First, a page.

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dc.contributor.advisorRamezani, Maziar
dc.contributor.advisorNeitzert, Thomas
dc.contributor.authorArjmandi, Mohammadreza
dc.date.accessioned2019-03-26T22:17:13Z
dc.date.available2019-03-26T22:17:13Z
dc.date.copyright2019
dc.identifier.urihttp://hdl.handle.net/10292/12378
dc.description.abstractThe advent of orthopaedic prostheses and their widespread applications have helped millions of patients worldwide to be relieved from pain and gain their mobility. However, they are still not suitable for young or middle-aged patients suffering from localised cartilage damage, due to the limited life span of these load-bearing devices. All available remedies for those patients are temporary and some of them might result in regeneration of tissues with different properties to the existing one, and hence limited functionality and durability. Therefore, an alternative way should be investigated to prevent further tissue degeneration through replacing damaged regions of the tissue and preserving the remaining healthy portion. This will result in prolonging the tissue functionality, and further postponing the total joint replacement. Different hydrogels have been studied extensively as potential cartilage replacement candidates, as they are biocompatible and can mimic the lubrication mechanisms found in cartilage tissue. As for the mechanical properties, there is still room for improvement. Alginate-Polyacrylamide (ALG-PAAm) hybrid hydrogel was suggested as an orthopaedic prosthesis due to their biocompatibility and promising properties. However, their friction and wear performances remained under-explored. Thus, the current study focused on ALG-PAAm and in an attempt to improve its mechanical performance, silica nanoparticles (Si-NPs) were introduced to the interpenetrating polymer network (IPN) hydrogel matrix as a reinforcement and the mechanical and tribological characteristics of the resultant nanocomposite were investigated. Furthermore, two different weave patterns were developed and produced as three-dimensional woven form, out of biocompatible polymers, to reinforce the hydrogel matrix. Inspired by the articular cartilage tissue, the woven preforms featured a through-the-thickness stiffness gradient and could resist delamination. Beside experimental approach, wear simulation was performed by employing Archard’s wear law in finite element (FE) models. Wear in a unit cell of 3D woven fabrics as well as hydrogel composites were simulated using a user-defined subroutine, UMESHMOTION, linked with ABAQUS CAE package and the model was validated with experimental results. FE simulations were further employed for parametric studies to attain information that could not be obtained directly from the experiments. It was found that ultra-low coefficient of friction coupled with high wear-resistance and tuneable elastic and viscoelastic characteristics observed in the manufactured samples, were mainly due to the strong interfacial bonding between the nanoparticles and the polymer matrix, allowing effective stress transfer between the two main constituents. Moreover, the infiltration of hydrogel into the woven fabric led to a decrease in surface roughness and an increase in load-to-failure capacity. The wear rate and friction coefficient of the reinforced hydrogel matrix were greatly reduced under the range of applied loads and sliding velocities. These promising results are attributed to the synergistic interaction between the fibre phase and the hydrogel matrix. The findings of this research give an insight into the tribology of hydrogel matrix composites for use as load-bearing biomedical components.en_NZ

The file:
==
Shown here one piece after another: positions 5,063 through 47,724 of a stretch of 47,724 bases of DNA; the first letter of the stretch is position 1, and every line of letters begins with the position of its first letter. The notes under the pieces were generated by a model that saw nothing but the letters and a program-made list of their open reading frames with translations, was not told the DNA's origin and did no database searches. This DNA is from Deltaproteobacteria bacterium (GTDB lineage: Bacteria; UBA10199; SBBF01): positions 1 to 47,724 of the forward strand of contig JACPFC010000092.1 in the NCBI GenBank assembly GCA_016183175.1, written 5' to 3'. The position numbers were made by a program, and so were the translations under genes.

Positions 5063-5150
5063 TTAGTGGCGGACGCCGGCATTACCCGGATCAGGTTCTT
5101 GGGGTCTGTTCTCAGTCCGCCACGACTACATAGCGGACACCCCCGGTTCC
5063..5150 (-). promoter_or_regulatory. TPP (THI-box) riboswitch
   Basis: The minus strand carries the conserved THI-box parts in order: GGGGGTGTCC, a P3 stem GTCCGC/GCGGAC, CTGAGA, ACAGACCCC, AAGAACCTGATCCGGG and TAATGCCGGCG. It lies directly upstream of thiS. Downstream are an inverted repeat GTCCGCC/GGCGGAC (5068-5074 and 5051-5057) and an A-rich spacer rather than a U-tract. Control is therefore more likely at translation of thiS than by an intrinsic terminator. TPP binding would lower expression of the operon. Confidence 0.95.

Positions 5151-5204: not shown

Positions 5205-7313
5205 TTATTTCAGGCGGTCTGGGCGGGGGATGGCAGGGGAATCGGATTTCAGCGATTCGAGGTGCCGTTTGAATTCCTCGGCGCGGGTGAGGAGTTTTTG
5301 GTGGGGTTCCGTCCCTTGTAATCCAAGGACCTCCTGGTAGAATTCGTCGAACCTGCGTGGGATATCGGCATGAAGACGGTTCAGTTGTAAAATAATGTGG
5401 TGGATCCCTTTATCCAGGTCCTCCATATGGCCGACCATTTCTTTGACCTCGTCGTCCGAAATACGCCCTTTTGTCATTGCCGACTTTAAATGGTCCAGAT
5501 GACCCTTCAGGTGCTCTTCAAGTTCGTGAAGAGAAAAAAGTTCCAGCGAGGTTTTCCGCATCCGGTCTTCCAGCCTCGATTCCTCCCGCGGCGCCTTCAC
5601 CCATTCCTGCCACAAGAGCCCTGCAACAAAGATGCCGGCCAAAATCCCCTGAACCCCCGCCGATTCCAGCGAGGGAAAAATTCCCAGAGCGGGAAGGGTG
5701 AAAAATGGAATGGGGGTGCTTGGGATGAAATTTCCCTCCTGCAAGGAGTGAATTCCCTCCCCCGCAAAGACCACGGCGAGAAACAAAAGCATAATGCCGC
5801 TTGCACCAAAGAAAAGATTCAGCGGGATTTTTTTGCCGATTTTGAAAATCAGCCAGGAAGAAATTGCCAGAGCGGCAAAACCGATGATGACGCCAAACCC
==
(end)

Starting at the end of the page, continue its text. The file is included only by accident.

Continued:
dc.language.isoenen_NZ
dc.publisherAuckland University of Technology
dc.subjectArtificial Cartilageen_NZ
dc.subjectTribologyen_NZ
dc.subjectThree-dimensional Woven Compositesen_NZ
dc.subjectHydrogelsen_NZ
dc.subjectFinite Element Analysisen_NZ
dc.subjectMechanical Testingen_NZ
dc.subjectWearen_NZ
dc.titleAssessment of Mechanical and Tribological Properties of Alginate-polyacrylamide Hydrogel Matrix Composites As Minimally Invasive Cartilage Implantsen_NZ
dc.typeThesisen_NZ
thesis.degree.grantorAuckland University of Technology
thesis.degree.levelDoctoral Theses
thesis.degree.nameDoctor of Philosophyen_NZ
dc.rights.accessrightsOpenAccess
dc.date.updated2019-03-26T20:50:37Z
aut.filerelease.date2020-03-26


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